Carbon Taxes Increase Global Co2 Emissions
By Spencer P Morrison, National Economics Editorial
Not only does the logic show that carbon taxes in the West will invariably increase global CO2 emissions, but so does the empirical evidence.
As the hysteria over global warming heats up, carbon taxes have become the “cool” option. Environmentalists love them. So do politicians, who are more than happy to raise taxes while scoring political points.
Carbon taxes, or other analogous pricing schemes, are now prevalent in Western Europe, and are making headway in North America. For example, California recently joined forces with the Canadian Provinces of Ontario and Quebec to create an integrated cap-and-trade carbon market.
On top of this, many well-known economists support carbon taxes, thinking they’re the best way to mitigate man’s contribution to climate change. A new report written by thirteen leading economists under the direction of professors Nicholas Stern and Joseph Stiglitz recommends the adoption of a global carbon tax.
The tax would value carbon emissions somewhere between 50 and 100 USD per ton by 2030, and would cost upwards of $4 trillion. Theoretically, the tax would raise the cost of using carbon-intensive sources of energy, thereby nudging producers to switch from fossil fuels to “green energy” sources like wind and solar power. Likewise, it would raise the cost of electricity, thus creating an incentive to use energy more efficiently.
This makes sense in theory. There’s just one problem. It won’t work.
In reality, carbon taxes are just that: taxes. They’re a money-grab disguised with good intentions. Worse still, carbon taxes will not reduce our greenhouse gas emissions.
Instead, adopting carbon taxes in the West will actually raise global carbon emissions by off-shoring economic activity from relatively environmentally-friendly places, like the USA and Germany, to places with lax environmental laws, like China. (Read more) ☼
Federal Government to Offer One Million Acres in California for Oil and Gas Development
By H. Sterling Burnett
The Trump administration’s Bureau of Land Management has offered a detailed plan to open more than a million acres of public and private land in California to oil and gas development, including through the use of fracking.
If BLM’s lease sale goes forward, it would end a five-year moratorium on leasing federal land in California for oil and gas development. In 2013, a federal judge halted oil lease sales being offered by the Obama administration in Monterey County, ruling the government had violated the National Environmental Policy Act when it issued leases by failing to properly evaluate the environmental dangers of fracking. The BLM’s new plan came after the agency issued an environmental impact statement saying fracking could be undertaken without contributing to air or water pollution in the region. (Read more) ☼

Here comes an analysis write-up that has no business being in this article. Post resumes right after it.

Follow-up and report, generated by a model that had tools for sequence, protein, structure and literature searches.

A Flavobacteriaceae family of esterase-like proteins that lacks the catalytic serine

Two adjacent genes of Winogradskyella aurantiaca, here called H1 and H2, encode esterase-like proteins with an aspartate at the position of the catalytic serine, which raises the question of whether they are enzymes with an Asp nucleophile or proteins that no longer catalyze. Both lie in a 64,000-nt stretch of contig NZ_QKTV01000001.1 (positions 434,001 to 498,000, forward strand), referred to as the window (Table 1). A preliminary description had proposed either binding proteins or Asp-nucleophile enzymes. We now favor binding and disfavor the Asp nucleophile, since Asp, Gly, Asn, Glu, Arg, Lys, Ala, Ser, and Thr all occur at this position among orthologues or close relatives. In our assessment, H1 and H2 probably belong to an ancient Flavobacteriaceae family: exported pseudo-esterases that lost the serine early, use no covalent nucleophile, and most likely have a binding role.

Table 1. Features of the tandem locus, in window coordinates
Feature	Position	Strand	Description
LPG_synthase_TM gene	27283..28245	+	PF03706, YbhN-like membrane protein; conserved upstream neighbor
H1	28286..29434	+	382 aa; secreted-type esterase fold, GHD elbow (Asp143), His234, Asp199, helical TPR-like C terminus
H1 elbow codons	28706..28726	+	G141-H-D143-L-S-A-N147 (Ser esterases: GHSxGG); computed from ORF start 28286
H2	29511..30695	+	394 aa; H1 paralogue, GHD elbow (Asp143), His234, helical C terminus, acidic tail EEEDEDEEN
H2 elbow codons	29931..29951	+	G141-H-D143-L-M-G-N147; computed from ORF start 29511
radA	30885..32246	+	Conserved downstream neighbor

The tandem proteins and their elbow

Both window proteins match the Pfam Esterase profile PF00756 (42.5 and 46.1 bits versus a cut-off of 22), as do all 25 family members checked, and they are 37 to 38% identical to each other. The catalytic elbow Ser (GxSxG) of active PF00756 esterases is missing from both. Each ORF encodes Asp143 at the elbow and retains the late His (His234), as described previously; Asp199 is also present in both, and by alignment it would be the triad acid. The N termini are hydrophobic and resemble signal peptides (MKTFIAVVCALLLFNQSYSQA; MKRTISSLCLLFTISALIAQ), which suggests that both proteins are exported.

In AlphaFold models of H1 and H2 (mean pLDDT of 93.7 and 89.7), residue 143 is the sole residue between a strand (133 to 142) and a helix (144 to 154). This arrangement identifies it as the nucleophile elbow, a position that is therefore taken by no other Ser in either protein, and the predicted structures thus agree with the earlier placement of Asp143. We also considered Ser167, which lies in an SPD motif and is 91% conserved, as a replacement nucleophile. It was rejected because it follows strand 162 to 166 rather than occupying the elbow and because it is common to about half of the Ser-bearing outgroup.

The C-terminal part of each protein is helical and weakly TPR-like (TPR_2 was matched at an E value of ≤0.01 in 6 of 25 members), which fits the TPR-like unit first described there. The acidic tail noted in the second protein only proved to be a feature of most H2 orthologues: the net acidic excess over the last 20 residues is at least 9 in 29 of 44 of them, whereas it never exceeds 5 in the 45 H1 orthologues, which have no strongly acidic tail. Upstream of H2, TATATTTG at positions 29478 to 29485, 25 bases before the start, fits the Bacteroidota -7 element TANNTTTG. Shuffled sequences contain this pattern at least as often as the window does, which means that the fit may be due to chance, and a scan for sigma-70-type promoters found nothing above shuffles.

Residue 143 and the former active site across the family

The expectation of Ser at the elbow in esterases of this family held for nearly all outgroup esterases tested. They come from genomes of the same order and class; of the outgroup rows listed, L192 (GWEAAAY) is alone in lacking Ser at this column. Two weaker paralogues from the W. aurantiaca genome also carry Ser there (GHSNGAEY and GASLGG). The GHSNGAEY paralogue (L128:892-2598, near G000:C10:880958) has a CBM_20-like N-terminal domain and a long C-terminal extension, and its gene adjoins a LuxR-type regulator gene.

A conversation with John Christy
John Christy is a climate scientist at the University of Alabama in Huntsville (UAH) whose chief interests are satellite remote sensing of global climate and global climate change. In February 2019 he was named as a member of the EPA Science Advisory Board.
We should be applying the scientific method to claims scientists (and others) are making about the climate. In this case I downloaded the output from 102 climate model simulations used by the IPCC and compared the tropospheric temperature since 1979 between the models and several observational datasets, including the satellite dataset we generate. The models on average were warming the atmosphere at a rate significantly greater than the observations. This is a test result from which we can say the models failed, and thus one shouldn’t depend on model output to characterize the future climate.
One of the fundamental characteristics of the scientific method is that if we understand a system, then we can predict the behavior of that system. Our work in which we compare “predictions” from climate models against the actual changes of the real world indicate the current understanding of climate change is rather poor. This understanding is certainly not mature enough for regulatory policy. That certain experts and elites refuse to see the level of immaturity of understanding regarding climate, is astonishing.